Weekend Update

Congress returns to committee work and floor action this coming week for an expected two more weeks of the its lame duck session.

Top House and Senate appropriators on Tuesday [November 24] clinched a deal on a bipartisan set of funding levels, paving the way for a $1.4 trillion spending package to avert a government shutdown next month. The agreement on the funding allocations, confirmed by a House Democratic aide, establishes overall totals for 12 appropriations measures that will be rolled into one massive omnibus bill that would boost federal budgets for the rest of the fiscal year. Negotiators plan to keep the numbers — known as 302(b)s — under wraps until a bipartisan, bicameral omnibus is finalized, the aide said.

This means that Congress remains on track to pass an FY 2021 omnibus spending bill before the current continuing resolution funding the federal government expires on December 12.

Negotiations on another Covid-19 relief bill are at an impasse. Some measures may get attached to a spending package that must pass by Dec. 11 to avert a government shutdown. Another weekly boost to unemployment benefits would most likely be part of the mix, according to unemployment and policy experts.  The subsidy would probably fall between $250 and $600 a week and be retroactive to early September, they said.

  • The Wall Street Journal reports that “President Trump’s decision to defer payroll taxes until the end of the year is leaving challenges for lawmakers to manage after he leaves office in January, and they haven’t figured out what—if anything—to do. * * * [P]ayroll processor Paychex Inc. said take-up has been very low. The one big exception—which could create pressure for Congress to act—is the federal workforce, including many members of the military. Mr. Trump required executive-branch employees to participate. Lawmakers, particularly those from the Washington [D.C.] area, support legislation to let employees decide whether their taxes can be deferred. As the weeks tick by toward the year’s end, that becomes less feasible.

Late Wednesday, the Department of Health and Human Services released the proposed ACA Notice of Benefit and Payment Parameters for 2022. Of note, to community rated FEHB plan carriers HHS proposes to make the following changes to the medical loss ratio (“MLR”) calculation:

We propose to amend the MLR regulation to establish the definition of prescription drug rebates and other price concessions that issuers must deduct from incurred claims for medical loss ratio (MLR) reporting and rebate calculation purposes beginning with the 2022 MLR reporting year (MLR reports filed in 2023). We additionally propose to explicitly allow issuers the option to prepay a portion or all of the estimated MLR rebate for a given MLR reporting year in advance of the deadlines set forth in §§ 158.240(e) and 158.241(a)(2) and the filing of the MLR Annual Reporting Form. We also propose to establish a safe harbor allowing such issuers, under certain conditions, to defer the payment of any remaining rebates owed after prepayment until the following MLR reporting year beginning with the 2020 MLR reporting year (MLR reports filed in 2021). In addition, we propose to allow issuers to provide MLR rebates in the form of a premium credit prior to the date that the rules currently provide and beginning with the 2020 MLR reporting year (MLR reports filed in 2021). Lastly, we propose to clarify MLR reporting and rebate requirements for issuers that choose to offer temporary premium credits during a public health emergency declared by the Secretary of HHSfor future benefit years, beginning with the 2021 MLR reporting year (MLR reports filed in 2022).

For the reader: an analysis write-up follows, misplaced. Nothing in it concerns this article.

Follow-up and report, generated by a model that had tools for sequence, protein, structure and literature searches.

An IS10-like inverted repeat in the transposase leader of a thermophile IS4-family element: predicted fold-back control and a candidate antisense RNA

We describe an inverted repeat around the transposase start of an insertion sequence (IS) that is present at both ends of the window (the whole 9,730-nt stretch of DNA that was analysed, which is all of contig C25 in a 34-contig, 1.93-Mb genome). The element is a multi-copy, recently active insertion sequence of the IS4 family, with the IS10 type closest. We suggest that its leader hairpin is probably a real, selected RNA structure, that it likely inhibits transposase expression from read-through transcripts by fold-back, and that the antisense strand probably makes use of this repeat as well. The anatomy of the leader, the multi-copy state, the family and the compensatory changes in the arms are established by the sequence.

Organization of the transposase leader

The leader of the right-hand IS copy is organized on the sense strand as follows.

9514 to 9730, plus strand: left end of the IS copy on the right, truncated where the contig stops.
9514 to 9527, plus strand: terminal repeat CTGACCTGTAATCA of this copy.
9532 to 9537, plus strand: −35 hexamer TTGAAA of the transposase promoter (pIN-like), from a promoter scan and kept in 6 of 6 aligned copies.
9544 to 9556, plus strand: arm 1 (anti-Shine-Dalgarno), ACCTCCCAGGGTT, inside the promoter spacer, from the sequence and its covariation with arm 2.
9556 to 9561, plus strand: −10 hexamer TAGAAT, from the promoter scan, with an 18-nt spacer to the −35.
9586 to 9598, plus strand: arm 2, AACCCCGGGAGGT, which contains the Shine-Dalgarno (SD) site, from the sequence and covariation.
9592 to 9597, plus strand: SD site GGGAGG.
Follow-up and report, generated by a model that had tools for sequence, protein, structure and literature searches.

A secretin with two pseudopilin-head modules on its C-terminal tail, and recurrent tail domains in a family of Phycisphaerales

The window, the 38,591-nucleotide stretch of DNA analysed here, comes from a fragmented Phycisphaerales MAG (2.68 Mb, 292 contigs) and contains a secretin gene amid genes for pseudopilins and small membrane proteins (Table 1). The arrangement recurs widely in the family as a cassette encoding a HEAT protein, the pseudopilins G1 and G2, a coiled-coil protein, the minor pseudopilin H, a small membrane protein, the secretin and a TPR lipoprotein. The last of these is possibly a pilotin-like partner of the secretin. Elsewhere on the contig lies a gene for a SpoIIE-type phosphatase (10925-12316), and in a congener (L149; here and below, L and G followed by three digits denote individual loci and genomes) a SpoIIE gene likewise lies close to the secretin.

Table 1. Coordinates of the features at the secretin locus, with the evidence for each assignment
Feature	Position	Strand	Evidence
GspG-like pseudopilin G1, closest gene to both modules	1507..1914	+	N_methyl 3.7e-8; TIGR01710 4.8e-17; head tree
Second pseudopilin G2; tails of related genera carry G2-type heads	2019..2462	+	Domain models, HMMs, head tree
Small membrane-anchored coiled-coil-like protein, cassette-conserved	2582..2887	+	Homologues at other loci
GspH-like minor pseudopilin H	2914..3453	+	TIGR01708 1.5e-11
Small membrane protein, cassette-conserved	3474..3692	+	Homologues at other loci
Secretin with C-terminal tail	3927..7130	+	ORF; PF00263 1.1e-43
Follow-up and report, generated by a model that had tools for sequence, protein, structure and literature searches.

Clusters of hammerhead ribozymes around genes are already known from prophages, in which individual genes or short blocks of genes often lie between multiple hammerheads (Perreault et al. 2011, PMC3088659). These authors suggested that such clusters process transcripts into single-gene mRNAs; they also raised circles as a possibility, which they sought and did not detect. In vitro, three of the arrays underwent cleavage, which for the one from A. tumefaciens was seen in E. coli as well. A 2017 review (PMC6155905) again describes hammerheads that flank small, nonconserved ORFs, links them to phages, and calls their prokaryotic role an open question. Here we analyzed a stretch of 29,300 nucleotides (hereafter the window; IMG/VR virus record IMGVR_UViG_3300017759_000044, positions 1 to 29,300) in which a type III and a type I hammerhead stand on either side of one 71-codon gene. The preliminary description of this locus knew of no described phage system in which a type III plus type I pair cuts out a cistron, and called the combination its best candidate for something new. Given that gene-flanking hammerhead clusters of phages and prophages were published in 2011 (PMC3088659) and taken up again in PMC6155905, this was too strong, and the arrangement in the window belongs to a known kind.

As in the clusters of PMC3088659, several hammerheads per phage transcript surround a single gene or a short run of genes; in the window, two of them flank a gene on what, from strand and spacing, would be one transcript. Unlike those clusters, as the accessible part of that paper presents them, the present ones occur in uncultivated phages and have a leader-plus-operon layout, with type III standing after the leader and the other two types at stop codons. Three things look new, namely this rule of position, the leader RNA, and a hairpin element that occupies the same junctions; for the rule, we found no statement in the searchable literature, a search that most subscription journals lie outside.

Of note to all FEHB plan carriers, HHS proposes to make the following changes to the out of pocket (“OOP”) cost sharing ceilings for in-network care:

The proposed 2022 maximum annual limitation on cost sharing is $9,100 for self-only coverage and $18,200 for other than self-only coverage. This represents an approximately 6.4 percent increase above the 2021 parameters of $8,550 for self-only coverage and $17,100 for other than self-only coverage. Similar to the proposal for the premium adjustment percentage index, for the 2023 benefit year and beyond, we propose to release the maximum annual limitation on cost sharing in guidance by January of the year preceding the applicable benefit year. 

For more details on the Notice check out Katie Keith’s columns on the Health Affairs Blog.

The Biden Administration’s HHS will finalize the Notice next year. HHS has a good deal of statutory discretion over the MLR calculation but very little discretion over (“OOP”) cost sharing ceiling calculations in the FEHBlog’s opinion.

The FEHBlog has learned that a two step process exists for approval a COVID-19 vaccine for individual and group health plan coverage.

  • First, as discussed in the FEHBlog, the FDA must give emergency use authorization to the vaccine. The relevant FDA advisory committee is meeting December 10 to consider the Pfizer – BioNTech vaccine. The Committee’s recommendation goes to the FDA Commissioner for final approval.
  • Once FDA approval has been given, the CDC’s relevant advisory committee the Advisory Committee on Immunization Practices (ACIP) must add its approval.
  • Fifteen days after ACIP approval is given, individual and group health plans, including FEHB plans will become obligated to cover the administration of the approved vaccine in and out of network without member cost sharing. That effective date will be in late December at the earliest. 
  • An emergency use authorization can only trigger plan health plan coverage of a vaccine during a related public health emergency. The current COVID-19 public health emergency period expires on January 20, 2021, unless as expected HHS extends that period for another 90 days before then,

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